Gresham Smith Selected to Design a New Pump Station in Boone County, Kentucky

November 17, 2021

Gresham Smith is proud to announce that the firm, in partnership with Geotechnology, Inc. and Viox & Viox, has been selected to design and oversee the construction of a new pump station and force main for central Boone County, Kentucky. The project will provide adequate sewer infrastructure as part of the Clean H2O40 program mandated by the U.S. Environmental Protection Agency.

Boone County is one of the fastest growing communities in northern Kentucky, and Gresham Smith was selected by Sanitation District No. 1 of Northern Kentucky (SD1) for this project. The firm will design and provide construction administration for a new 10 million gallons per day (MGD) pump station with screening, approximately 8,000-10,000 linear feet of force main(s) and preliminary design of a 5.4 MG equalization tank.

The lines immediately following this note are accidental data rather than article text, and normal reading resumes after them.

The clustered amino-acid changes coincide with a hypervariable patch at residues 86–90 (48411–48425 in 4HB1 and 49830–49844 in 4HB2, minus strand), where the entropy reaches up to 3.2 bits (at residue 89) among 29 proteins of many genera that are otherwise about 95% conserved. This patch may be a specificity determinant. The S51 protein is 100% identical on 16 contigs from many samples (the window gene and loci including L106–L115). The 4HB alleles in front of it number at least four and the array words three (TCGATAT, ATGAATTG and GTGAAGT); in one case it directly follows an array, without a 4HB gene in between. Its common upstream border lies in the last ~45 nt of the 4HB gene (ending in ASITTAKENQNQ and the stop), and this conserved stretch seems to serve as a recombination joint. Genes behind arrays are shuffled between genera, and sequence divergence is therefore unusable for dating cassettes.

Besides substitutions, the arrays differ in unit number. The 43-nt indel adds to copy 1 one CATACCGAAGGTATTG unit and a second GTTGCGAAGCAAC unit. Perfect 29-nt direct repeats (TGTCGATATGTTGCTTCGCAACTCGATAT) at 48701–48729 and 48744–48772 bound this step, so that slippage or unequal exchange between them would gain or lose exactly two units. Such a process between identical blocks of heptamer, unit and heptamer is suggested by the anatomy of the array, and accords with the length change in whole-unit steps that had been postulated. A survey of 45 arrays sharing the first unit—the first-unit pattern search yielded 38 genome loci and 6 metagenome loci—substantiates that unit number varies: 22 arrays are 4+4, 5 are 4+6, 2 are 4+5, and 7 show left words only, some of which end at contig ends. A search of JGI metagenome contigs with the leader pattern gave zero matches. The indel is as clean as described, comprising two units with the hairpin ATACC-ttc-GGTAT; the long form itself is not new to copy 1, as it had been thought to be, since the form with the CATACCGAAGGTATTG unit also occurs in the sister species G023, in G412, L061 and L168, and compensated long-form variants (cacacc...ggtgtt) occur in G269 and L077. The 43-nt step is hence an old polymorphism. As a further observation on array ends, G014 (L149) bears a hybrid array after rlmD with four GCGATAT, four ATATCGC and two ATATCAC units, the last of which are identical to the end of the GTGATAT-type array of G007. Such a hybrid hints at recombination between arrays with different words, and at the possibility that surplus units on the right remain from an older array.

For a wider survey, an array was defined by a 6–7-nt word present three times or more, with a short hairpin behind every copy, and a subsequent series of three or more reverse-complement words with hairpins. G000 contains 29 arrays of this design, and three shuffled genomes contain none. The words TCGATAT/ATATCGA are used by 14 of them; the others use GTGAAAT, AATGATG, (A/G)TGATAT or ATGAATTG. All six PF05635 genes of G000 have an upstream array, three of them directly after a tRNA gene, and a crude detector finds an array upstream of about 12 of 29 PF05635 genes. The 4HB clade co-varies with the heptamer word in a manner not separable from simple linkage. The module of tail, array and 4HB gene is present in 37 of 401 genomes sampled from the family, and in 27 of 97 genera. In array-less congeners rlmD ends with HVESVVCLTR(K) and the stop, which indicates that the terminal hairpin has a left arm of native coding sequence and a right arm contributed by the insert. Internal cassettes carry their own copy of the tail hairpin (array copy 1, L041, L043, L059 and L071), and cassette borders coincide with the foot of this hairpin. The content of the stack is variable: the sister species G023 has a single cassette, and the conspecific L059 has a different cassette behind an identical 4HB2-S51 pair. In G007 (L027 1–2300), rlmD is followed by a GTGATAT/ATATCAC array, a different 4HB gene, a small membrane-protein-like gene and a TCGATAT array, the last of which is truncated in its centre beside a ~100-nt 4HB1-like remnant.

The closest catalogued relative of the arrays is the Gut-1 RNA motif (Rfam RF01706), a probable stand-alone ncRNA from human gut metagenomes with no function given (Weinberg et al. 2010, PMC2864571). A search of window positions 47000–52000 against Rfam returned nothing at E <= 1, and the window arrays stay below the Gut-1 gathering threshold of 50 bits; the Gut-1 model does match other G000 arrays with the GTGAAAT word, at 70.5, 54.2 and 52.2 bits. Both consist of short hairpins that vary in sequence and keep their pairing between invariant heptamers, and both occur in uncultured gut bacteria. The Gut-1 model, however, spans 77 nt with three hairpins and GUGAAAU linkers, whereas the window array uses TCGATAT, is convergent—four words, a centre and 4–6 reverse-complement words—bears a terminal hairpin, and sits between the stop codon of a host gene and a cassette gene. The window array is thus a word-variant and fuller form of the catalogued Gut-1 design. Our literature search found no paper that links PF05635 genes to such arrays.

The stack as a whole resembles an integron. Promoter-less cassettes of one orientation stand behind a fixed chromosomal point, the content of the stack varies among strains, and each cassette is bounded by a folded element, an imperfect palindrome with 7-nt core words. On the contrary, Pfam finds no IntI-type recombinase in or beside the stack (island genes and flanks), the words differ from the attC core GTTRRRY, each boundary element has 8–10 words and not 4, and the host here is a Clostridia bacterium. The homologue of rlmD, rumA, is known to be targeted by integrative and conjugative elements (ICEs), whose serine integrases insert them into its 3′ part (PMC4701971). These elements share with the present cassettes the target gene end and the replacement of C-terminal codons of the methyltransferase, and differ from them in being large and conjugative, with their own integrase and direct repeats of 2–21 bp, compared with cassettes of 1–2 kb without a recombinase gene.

The initial capacity of the pump station will be 2 MGD but capacity will be expanded to 10 MGD. The pump station will receive flows from proposed gravity sewers that will eliminate two existing pump stations. A single force main or dual force mains will then connect the pump station with the Western Regional Conveyance Tunnel which terminates at the Western Regional Water Reclamation Facility.

“Gresham Smith is dedicated to planning and designing public sewer infrastructure at a pace that will serve future growth, and we are excited to have the opportunity to partner with SD1 on this very important project,” said Saa Shemsu, project executive in the Water + Environment Market at Gresham Smith. “The new pump station and force main will also protect the environment by mitigating sewer overflows, ensuring Boone County is a safe and healthy area many years to come. We look forward to engaging with the community to make this project as successful as possible.”

Construction on the new pump station and force main will begin in 2022. The project includes a wet well design to manage wet weather flows, accommodate future flow conditions, and maximize self-cleaning capabilities; odor control solutions to mitigate H2S emissions; site civil design for the equalization tank, stand-by power for emergency operation and a screening facility to protect the pump station and future equalization tank from damage caused by debris and solids accumulation.